A former Director-General and Rector of the Ghana Institute of Management and Public Administration (GIMPA) has rebutted claims that government’s free Senior High School policy is the cause of students depending on leaked questions to pass their final exams.
Professor Stephen Adei stated that examination malpractices are a systemic problem which must be tackled strategically.
His comments come after several videos of students mourning their failure surfaced on social media.
Some of them claimed they could not answer the questions that were set in the West African Senior School Certificate Examination (WASSCE).
As the apor swerve them no dierr e turn demonstration 😂😂😂😂 pic.twitter.com/DSvBuAwuaI— Bread 80_Paste20😋😋 (@KojoHope1) August 4, 2020
Yakubu bore seek of apor swerve 😂😂😂 pic.twitter.com/rXYU1nALSU— GH_1st🕘 (@sophiedd_ent) August 3, 2020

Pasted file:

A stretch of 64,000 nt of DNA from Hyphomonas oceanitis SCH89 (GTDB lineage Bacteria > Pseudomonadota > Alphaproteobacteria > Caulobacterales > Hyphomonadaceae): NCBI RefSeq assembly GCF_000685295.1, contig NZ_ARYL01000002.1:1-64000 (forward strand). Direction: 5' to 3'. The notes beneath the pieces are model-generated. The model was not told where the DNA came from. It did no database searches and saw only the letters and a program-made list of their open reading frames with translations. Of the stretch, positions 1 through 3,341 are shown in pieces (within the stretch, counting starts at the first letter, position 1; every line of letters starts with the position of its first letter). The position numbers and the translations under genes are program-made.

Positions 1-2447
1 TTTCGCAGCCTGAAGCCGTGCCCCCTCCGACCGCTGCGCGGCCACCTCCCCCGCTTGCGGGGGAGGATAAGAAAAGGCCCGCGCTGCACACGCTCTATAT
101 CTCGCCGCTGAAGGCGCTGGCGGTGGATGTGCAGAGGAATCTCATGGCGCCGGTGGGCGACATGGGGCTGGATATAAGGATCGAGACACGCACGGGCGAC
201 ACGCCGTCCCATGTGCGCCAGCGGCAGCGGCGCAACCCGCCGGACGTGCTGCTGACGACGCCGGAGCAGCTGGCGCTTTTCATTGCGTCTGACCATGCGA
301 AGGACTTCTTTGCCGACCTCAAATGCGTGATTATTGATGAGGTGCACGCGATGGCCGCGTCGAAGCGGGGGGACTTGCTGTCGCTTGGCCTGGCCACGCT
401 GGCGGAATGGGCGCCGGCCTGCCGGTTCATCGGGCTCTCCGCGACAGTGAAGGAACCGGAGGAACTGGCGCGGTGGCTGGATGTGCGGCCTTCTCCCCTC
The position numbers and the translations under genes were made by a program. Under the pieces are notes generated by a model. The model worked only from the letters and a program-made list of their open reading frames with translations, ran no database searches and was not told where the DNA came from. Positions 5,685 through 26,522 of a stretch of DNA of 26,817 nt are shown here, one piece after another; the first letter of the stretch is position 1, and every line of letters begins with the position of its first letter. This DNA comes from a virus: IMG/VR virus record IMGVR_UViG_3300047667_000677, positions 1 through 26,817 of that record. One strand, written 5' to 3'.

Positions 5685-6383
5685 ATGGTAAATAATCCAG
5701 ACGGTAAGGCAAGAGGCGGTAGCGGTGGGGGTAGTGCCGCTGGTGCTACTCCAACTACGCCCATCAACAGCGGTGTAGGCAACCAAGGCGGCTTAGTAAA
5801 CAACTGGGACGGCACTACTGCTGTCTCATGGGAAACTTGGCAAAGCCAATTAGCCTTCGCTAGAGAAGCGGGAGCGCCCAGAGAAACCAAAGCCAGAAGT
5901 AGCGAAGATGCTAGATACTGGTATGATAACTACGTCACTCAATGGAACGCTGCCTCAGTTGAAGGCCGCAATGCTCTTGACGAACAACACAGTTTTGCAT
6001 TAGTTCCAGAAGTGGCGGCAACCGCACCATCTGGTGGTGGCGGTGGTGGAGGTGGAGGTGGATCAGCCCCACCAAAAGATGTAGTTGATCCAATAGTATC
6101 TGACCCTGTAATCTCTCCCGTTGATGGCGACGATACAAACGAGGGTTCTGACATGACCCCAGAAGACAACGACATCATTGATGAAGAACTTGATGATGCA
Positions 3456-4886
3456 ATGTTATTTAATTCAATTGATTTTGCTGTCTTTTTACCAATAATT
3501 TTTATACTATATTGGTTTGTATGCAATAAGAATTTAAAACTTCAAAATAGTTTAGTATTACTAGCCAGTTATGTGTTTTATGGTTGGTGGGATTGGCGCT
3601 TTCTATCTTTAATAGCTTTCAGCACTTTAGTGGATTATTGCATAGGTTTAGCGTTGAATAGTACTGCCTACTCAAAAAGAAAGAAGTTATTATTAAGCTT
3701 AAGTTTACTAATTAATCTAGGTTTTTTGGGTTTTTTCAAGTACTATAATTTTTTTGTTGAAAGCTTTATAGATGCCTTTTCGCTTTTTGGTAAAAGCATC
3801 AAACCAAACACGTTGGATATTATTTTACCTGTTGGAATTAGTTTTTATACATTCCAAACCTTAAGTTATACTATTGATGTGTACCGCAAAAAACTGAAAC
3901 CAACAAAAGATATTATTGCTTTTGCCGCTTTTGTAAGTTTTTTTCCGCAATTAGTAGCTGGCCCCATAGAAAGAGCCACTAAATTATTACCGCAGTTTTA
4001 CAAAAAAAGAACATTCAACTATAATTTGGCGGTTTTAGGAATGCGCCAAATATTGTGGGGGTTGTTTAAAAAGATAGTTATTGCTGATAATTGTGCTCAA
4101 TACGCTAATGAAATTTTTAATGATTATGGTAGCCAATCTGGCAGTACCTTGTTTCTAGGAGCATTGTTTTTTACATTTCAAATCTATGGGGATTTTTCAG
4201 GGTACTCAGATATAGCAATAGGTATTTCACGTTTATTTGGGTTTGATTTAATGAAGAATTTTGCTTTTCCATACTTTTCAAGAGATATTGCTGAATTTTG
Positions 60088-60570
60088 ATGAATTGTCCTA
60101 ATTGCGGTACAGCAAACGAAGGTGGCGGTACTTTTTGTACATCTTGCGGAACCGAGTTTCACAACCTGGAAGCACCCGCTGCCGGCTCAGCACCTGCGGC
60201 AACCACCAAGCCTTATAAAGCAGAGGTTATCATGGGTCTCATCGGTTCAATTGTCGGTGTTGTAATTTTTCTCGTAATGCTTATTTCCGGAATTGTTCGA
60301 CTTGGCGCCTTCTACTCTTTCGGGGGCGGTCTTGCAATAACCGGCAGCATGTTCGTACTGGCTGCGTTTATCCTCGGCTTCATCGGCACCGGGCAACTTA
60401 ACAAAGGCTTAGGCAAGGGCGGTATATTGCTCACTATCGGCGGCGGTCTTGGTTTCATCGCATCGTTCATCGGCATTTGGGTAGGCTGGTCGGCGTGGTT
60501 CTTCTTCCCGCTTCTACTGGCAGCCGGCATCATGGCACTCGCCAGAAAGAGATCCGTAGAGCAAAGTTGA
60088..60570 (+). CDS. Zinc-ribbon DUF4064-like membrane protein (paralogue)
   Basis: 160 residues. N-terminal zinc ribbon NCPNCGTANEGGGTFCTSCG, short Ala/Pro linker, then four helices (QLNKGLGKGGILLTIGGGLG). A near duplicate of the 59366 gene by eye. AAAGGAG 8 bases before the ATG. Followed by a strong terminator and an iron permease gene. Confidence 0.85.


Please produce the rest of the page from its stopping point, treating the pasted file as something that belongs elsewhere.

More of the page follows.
Speaking on Joy FM’s Super Morning Show, Wednesday, the Professor advised against destroying the image of a policy that is supposed to benefit the less privileged.
“This is absolutely nonsense. This thing has been there all the time and it is not a free SHS thing. For the past decade there have been so many cancellations of exams, hasn’t there?”
“If you double the students, the cancer doubles,” he told host of Joy FM’s Super Morning Show, Kojo Yankson.
He called for the partnership of parents and the Ghana Education Service (GES) to work towards elimination the mentality amongst these students.
He recounted how some invigilators are seen as inferior when they uphold discipline and play to the rules.
“Anything you allow to fester gets worse. If others have allowed them to do so, they see this headmaster as ‘are you from Mars?’ ” he said.
The WASSCE started Monday, July 20, across the country after over a month of preparation in school.
Recently, there were pictures of some purported Integrated Science question papers that were circulating on social media.
These were quickly rejected by the West African Examinations Council (WAEC), describing them as fake.
The Ghana Education Service (GES) also warned candidates against concentrating on these ‘leaked’ question papers at their own peril.